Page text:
Avionics is a ‘Targeted Vertical’ for Boeing
Muilenburg also discussed Boeing’s expanded focus on increasingly developing some of the critical systems and components of its airplanes in the future. The company unveiled the name and leadership of its new manufacturing division, AvionX, in August. The division will focus on production of navigation, flight controls and information systems.
“We’ve also announced several vertical areas that are key to our future in terms of designing our airplanes,” said Muilenburg. “Targeted areas include avionics, and this is not all avionics, it’s selected areas. Think of it as the brains of our airplanes, for future digital solutions.”
Boeing is looking to reduce development costs and create new “supply chain alternatives,” the chief executive said. The first aircraft that could feature more internally developed avionics technologies could be the NMA, which still has not been launched as an official program. All of the Boeing’s current in-production models, including the newest and top selling models — 737 MAX, 777X and 787 —feature avionics primarily developed by major external OEMs and systems integrators such as Rockwell Collins, Teledyne and GE Aviation, among others.
Muilenburg also named other targeted areas for more vertical integration including interiors. Its joint venture with Adient will develop seats, and one with Safran will develop auxiliary power units (APUs).
Flying Taxis and Hypersonics
The Morgan Stanley conference also provided Muilenburg with a chance to discuss future investments Boeing is making in non-traditional aeronautical technological concepts. Boeing has announced several major investments in developing future-facing flight and manufacturing technologies through its Horizon X innovation arm. These include additive manufacturing, autonomous systems, electric powered aircraft and an electric-powered cargo drone capable of transporting up to 500 pounds.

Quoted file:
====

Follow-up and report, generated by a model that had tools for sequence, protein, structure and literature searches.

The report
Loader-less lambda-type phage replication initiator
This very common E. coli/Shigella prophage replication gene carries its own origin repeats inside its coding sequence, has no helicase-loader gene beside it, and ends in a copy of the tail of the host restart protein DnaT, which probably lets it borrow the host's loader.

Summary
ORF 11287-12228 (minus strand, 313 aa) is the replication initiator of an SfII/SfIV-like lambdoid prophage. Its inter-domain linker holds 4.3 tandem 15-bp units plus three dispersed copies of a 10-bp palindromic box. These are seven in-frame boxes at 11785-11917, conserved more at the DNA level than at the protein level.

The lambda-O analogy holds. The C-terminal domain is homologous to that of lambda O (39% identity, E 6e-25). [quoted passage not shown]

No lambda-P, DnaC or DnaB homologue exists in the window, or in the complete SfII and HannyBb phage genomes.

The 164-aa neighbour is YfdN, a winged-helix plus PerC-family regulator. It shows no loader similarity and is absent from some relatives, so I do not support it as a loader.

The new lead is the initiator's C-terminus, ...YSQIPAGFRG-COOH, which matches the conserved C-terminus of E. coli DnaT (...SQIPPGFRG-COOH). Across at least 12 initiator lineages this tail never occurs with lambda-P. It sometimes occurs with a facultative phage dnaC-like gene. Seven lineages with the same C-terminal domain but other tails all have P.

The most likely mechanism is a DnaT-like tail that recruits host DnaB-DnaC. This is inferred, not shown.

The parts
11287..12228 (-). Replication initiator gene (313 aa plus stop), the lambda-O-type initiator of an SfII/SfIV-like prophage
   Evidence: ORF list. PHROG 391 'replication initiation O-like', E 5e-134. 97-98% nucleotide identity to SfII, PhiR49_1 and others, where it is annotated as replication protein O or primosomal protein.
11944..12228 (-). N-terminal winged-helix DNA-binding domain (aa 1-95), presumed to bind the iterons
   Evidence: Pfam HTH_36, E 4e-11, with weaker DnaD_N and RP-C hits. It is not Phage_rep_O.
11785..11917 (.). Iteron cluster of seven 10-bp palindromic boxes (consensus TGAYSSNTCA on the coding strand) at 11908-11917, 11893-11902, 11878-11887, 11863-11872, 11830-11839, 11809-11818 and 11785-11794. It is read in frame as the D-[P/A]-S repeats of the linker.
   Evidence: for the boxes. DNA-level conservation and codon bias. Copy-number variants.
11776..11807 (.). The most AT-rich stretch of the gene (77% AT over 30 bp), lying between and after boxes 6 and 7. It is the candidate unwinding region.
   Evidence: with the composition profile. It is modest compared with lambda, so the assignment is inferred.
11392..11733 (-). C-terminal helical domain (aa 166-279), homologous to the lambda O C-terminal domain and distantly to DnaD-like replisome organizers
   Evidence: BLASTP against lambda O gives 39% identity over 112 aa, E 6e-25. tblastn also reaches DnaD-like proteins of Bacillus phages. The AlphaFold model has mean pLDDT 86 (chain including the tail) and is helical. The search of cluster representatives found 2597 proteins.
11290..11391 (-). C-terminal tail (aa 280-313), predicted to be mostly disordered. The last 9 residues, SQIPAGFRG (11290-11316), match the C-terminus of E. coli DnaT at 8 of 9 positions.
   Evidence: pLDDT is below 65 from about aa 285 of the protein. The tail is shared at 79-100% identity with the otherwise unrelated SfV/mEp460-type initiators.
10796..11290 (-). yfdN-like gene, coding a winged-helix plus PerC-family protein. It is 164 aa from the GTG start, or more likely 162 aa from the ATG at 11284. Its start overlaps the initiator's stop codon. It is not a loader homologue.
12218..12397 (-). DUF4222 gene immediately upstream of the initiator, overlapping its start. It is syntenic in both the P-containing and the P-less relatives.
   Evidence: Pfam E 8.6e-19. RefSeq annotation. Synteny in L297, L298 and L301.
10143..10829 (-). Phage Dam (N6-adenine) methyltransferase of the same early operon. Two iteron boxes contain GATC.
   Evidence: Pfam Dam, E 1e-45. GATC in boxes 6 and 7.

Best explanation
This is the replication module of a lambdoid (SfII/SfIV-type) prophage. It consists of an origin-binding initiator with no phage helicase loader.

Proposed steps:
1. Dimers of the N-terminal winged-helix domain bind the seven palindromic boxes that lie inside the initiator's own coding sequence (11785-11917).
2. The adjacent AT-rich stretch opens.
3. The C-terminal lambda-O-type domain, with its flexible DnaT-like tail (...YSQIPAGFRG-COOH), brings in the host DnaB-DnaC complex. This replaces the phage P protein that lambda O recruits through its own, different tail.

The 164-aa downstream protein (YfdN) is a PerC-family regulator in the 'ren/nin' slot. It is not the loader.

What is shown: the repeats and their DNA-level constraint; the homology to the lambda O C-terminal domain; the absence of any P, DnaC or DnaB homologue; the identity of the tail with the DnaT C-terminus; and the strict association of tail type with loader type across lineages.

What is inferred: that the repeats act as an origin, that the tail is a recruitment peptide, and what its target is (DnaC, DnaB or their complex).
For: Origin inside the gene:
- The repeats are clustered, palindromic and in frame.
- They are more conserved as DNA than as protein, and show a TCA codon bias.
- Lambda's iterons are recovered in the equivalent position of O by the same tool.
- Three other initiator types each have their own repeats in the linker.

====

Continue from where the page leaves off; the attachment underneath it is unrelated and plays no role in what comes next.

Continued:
Muilenberg also sees major potential in a hypersonic passenger travel and low-Earth orbit space travel, both of which could happen sooner than expected.
“We're also working on things like high-speed flight, supersonic, hypersonic aircraft, connect any two parts in the world, two cities in a couple of hours,” said Muilenberg. “Eventually we're going to see low-Earth orbit space travel as commonplace, and we'll be launching first flight of our new star liner next year ,which will be our entry into low-Earth orbit space travel.”
Boeing also has an interest in the concept of electric-vertical-takeoff-and-landing (EVTOL) air taxis. In 2017, the company completed its acquisition of Aurora Flight Sciences, whose expertise in autonomous aircraft technology can help enable the development of such an aircraft from Boeing.
Muilenberg has said several times in speeches and presentations throughout 2018 that Boeing is working on air taxi prototype airframes. The OEM is also working on the enabling infrastructure for autonomous air taxis.
“As you think about future urban congestion and ways to relieve that congestion, three-dimensional highways in cities are not all that farfetched,” said Muilenberg.